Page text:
New nursing program gives students opportunity to continue education
$915,156 to be given to 25 lucky nursing students wanting to attend at UNMC for the new School Nurse Scholars Program.
OMAHA, Neb. (KSNB) - There is an urgent need for nurses in Nebraska.
Fortunately, the Center for Disease Control and Prevention has partnered with the Nebraska Department of Health and Human Services to create the School Nurse Scholars Program (SNS).
This program has been awarded to the University of Nebraska Medical Center and granted $915,163 to give 25 UNMC nursing students an extraordinary opportunity.
Nursing students will have the chance to be placed at K-12 schools across the state of Nebraska and be exposed to a broad overview of public health issues at the local level.
While in the program, students will participate in a comprehensive program including needs assessments, school testing, health education and additional support to keep the general population safe. In addition, students will be able to attend seminars and trainings offered by DHHS throughout their enrollment.
“Many Nebraska schools, especially small and rural districts, may have to depend on volunteer nurses,” said Wendy Wells, a nursing instructor at the UNMC College of Nursing West Nebraska Division. “Having more nursing students pursue school nursing as their specialty will help communities not only with infectious diseases but with all the other benefits a school nurse can provide. Nurses can conduct school screenings and review immunization records, as well as provide mental health services, health education, direct care, referrals, and so much more.”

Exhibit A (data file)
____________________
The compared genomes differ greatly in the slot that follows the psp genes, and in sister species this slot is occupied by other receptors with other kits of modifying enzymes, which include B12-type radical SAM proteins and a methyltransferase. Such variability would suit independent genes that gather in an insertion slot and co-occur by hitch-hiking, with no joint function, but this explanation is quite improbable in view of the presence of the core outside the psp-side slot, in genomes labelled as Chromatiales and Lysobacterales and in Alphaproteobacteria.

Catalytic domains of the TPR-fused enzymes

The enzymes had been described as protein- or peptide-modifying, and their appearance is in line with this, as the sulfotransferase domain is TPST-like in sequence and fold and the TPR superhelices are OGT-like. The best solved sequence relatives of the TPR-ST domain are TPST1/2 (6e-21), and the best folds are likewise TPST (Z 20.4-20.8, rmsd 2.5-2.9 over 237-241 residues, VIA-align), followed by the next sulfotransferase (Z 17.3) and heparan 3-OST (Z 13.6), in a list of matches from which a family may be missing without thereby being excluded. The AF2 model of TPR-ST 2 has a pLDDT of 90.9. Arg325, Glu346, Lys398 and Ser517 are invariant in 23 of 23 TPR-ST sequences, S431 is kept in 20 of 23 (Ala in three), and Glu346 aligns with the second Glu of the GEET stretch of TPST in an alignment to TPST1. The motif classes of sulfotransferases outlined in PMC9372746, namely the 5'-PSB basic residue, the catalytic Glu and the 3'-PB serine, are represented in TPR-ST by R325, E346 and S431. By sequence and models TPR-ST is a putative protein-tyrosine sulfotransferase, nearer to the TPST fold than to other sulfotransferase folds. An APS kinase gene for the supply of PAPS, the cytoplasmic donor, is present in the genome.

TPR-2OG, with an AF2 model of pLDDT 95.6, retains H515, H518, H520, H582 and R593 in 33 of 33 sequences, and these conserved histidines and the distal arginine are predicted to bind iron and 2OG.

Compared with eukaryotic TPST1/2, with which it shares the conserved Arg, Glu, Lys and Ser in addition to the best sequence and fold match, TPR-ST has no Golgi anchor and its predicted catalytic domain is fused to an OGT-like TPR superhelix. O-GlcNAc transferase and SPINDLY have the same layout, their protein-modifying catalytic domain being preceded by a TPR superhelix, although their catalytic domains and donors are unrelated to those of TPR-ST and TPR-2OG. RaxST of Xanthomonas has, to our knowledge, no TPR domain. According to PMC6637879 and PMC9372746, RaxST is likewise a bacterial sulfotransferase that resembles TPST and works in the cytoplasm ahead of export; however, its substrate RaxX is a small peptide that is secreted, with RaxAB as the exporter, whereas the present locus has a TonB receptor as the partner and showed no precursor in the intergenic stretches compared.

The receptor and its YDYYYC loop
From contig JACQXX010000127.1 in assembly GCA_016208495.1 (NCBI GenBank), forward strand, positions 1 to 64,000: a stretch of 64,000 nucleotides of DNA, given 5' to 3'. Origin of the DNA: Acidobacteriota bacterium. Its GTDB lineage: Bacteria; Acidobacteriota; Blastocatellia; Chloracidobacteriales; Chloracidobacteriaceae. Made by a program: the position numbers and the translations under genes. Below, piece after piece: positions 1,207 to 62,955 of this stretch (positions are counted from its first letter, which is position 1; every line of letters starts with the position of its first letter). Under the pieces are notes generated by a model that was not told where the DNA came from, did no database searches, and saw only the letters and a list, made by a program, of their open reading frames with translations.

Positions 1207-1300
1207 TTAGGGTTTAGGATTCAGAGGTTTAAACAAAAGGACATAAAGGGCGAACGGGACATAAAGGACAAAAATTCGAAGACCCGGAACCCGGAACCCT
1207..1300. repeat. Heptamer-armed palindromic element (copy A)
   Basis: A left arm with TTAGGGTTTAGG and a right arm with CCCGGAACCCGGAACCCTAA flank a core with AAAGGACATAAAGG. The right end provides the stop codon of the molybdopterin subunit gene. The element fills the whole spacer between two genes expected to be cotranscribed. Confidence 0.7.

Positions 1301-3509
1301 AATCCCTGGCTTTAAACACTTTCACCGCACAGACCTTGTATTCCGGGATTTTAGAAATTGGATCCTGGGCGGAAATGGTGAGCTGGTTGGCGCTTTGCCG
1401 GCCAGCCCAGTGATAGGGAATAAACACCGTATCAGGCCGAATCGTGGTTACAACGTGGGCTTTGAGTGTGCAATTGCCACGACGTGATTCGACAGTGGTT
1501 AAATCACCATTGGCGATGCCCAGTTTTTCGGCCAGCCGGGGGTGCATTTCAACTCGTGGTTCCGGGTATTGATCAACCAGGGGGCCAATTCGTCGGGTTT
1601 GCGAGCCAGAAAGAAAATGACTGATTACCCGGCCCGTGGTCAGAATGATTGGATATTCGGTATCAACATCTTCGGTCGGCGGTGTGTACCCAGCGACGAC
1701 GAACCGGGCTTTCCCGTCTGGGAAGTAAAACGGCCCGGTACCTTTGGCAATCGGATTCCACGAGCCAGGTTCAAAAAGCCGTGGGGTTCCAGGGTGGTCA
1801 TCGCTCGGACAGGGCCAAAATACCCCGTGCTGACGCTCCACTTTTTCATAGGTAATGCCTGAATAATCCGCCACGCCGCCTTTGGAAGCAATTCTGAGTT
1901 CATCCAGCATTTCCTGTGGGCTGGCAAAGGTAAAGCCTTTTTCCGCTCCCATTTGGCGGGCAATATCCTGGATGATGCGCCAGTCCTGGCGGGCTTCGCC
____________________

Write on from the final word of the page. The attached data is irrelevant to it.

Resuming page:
The SNS program will be accessible to 25 nursing students across all five UNMC campuses at no cost beginning in the spring semester of 2023. The four-semester program will offer students real-world experience in a school health setting through coursework and clinical hours.
“This program will be in addition to students’ semester workload and is above and beyond their normal curriculum,” said Lisa Walters, a clinical instructor at the UNMC College of Nursing Northern Division. “I think their willingness to participate in the program shows the dedication they will have to this potential career opportunity in the future.”
Students will focus on the specifics of school-age nursing in four, one-credit-hour scholar classes over the course of spring 2023, summer 2023, fall 2023 and spring 2024 semesters. Funding from the recently approved CDC grant will cover tuition, books and fees. Each student will receive a $1,500 stipend for each semester enrolled, totaling $6,000.
“This is an extraordinary opportunity for students to add to their knowledge of school nursing and participate in didactic and clinical learning that provides in-depth knowledge of the needs of children in school settings,” said Juliann Sebastian, PhD, dean of the UNMC College of Nursing. “With so much health care being provided in community-based settings, this allows nursing students to gain additional clinical experience in one such setting. It also allows participating schools to highlight the importance of school health. We are grateful to Nebraska DHHS for making these funds available and working so closely with Nebraska nursing programs to shape this initiative.”
Interested students can click here to apply.
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